Published February 8, 2006
Alexandra Centre put up for collective sale
ALEXANDRA Centre has hit the market for collective sales, making an entry with a $40 million asking price.
$40m asking price: The existing two-storey building, which is about 25 years old, houses 12 ground-floor shops and 12 apartments
This works out to $270 psf per plot ratio inclusive of an estimated $1.153 million development charge.
The freehold property on Alexandra Road is zoned for residential with commercial use on the first storey. It may be redeveloped to a height of four storeys with a maximum 3.0 plot ratio - the ratio of potential gross floor area to land area.
Alexandra Centre has a land area of 50,838 sq ft. The existing two-storey building, which is about 25 years old, houses 12 ground-floor shops and 12 apartments.
Owners controlling more than 80 per cent of share values have consented to the collective sale, which is being handled by CB Richard Ellis.
Based upon $40 million, apartment owners will receive about $1.1 million each, and the shopowners about $2.1 million each.
'This is about 100 per cent more than the price which the units can achieve if they are sold individually,' says CBRE executive director Jeremy Lake.
Alexandra Centre is within walking distance of Queenstown MRT Station. Nearby landmarks include the Queens condo, Ikea and The Anchorage. The tender for Alexandra Centre closes on March 8.
Published December 14, 2005
En bloc sales hit 5-year high of $1.9b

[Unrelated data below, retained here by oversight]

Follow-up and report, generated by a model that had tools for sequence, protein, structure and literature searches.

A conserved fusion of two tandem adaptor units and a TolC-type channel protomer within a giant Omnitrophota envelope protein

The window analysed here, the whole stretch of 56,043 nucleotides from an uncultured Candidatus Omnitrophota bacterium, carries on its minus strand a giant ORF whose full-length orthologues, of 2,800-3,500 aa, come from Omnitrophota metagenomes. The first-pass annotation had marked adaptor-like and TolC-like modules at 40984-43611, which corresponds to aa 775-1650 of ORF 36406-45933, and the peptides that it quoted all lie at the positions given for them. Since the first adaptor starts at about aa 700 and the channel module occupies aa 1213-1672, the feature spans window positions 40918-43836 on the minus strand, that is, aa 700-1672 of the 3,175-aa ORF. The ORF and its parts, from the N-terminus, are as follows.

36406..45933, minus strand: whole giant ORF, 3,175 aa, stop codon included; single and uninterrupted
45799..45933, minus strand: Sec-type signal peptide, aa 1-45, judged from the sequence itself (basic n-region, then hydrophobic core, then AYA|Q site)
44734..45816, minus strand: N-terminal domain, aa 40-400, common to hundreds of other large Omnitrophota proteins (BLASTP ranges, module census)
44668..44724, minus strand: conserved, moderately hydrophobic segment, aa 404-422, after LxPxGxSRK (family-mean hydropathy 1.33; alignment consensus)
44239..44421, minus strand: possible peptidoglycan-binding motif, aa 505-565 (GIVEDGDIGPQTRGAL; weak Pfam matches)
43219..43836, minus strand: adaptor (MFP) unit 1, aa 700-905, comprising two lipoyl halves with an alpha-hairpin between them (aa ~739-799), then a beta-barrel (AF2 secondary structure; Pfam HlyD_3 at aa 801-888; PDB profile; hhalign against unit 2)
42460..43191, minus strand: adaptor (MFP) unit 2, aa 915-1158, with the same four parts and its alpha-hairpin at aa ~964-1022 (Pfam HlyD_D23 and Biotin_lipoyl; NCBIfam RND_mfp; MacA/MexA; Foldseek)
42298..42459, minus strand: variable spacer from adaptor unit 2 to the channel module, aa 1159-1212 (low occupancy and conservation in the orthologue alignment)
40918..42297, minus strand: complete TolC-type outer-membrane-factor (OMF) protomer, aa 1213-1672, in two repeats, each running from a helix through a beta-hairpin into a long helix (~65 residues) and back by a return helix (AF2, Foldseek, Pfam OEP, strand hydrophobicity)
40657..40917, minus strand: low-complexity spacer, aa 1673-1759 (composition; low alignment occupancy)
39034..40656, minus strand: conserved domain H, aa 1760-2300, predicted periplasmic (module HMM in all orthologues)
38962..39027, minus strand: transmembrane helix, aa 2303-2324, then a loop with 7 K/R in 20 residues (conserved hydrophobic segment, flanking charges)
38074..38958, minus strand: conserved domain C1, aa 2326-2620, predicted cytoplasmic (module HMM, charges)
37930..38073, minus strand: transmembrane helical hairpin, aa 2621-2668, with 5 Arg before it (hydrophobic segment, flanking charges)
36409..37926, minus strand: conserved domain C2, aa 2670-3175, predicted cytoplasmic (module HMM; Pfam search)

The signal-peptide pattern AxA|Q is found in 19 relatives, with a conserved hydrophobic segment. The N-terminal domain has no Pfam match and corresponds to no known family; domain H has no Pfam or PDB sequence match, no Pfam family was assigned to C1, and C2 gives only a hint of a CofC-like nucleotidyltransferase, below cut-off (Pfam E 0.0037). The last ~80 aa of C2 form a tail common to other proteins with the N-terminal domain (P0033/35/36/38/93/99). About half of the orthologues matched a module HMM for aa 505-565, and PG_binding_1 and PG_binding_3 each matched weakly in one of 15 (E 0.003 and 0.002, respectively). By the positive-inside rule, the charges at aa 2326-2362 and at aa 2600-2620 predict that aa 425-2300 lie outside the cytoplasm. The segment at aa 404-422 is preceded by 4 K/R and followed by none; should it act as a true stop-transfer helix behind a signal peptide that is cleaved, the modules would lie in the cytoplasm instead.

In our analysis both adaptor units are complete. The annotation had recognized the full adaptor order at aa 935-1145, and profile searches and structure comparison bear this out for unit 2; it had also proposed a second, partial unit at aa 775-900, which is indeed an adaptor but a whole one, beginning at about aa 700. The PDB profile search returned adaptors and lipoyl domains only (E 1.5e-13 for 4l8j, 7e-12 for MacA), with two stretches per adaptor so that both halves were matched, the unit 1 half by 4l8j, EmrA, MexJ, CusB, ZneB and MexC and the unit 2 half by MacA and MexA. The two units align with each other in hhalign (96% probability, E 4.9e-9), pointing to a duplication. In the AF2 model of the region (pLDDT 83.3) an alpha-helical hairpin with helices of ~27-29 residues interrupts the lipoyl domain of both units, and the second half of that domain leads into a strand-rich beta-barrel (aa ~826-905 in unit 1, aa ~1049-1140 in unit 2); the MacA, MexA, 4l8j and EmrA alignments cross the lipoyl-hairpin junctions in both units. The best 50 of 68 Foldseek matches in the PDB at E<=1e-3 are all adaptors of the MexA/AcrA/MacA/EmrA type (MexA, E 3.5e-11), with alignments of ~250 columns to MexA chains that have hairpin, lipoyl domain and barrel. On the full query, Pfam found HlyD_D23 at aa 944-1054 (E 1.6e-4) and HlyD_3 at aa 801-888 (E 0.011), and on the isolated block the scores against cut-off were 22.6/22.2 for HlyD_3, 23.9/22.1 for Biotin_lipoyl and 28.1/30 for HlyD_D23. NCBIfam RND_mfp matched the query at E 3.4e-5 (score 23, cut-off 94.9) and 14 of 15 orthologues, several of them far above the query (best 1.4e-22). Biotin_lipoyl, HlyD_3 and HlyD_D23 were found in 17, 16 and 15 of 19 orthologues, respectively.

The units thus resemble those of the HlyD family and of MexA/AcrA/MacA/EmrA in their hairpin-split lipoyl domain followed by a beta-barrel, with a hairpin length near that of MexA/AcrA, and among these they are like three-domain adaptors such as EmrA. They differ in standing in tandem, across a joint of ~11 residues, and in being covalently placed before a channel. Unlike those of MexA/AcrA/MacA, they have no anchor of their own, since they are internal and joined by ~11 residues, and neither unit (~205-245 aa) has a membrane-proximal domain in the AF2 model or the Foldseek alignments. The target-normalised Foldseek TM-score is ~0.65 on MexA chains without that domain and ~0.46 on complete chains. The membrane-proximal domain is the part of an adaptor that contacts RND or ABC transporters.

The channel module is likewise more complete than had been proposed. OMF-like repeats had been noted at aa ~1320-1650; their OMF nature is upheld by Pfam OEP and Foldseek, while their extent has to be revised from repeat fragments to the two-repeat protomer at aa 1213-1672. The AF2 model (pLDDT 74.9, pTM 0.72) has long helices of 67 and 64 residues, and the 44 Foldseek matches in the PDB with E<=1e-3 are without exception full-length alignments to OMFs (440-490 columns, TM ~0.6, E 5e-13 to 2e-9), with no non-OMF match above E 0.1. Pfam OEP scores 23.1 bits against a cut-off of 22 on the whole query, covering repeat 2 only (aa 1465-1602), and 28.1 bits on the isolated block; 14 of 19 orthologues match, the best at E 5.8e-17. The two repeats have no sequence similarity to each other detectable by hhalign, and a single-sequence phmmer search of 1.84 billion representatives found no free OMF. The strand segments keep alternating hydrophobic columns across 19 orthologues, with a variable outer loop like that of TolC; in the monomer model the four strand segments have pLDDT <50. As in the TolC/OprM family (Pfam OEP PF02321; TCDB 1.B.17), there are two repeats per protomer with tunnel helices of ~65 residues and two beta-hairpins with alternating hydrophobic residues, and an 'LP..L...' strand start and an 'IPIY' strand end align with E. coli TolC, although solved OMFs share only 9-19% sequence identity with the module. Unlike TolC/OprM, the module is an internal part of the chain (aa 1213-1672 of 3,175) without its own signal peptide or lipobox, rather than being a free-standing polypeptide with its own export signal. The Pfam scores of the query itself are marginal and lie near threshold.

But rapidly rising price expectations among owners could dampen market next year
By KALPANA RASHIWALA
(SINGAPORE) With just two weeks to go before year's end, the value of collective property sales done so far has hit $1.9 billion. This is more than double the $722 million chalked up for the whole of last year and is the highest level in at least five years.
The strong uptrend captured in the latest figures compiled by CB Richard Ellis and released to BT reflects a happy convergence of the price expectations of both sellers and buyers.
Owners, however, are becoming more optimistic in their price expectations and there's a risk that they may raise their asking prices too fast for developers. This, warns CB Richard Ellis executive director Jeremy Lake, could significantly dampen collective sales next year.
Agreeing, Credo Real Estate executive director Melvin Poh says many of the deals being structured now are based on future pricing. He also points to a substantial supply of en bloc properties at various stages of readiness in the prime districts like Cairnhill, Angullia Park, Orchard Boulevard, Kim Yam, St Thomas Walk, Ardmore Park and Nassim.
'There's a lot of supply coming out. Not all will be sold. Developers don't have unlimited funds. So the key is speed. The race is on to get your collective sale organised quickly and put it on the market early.'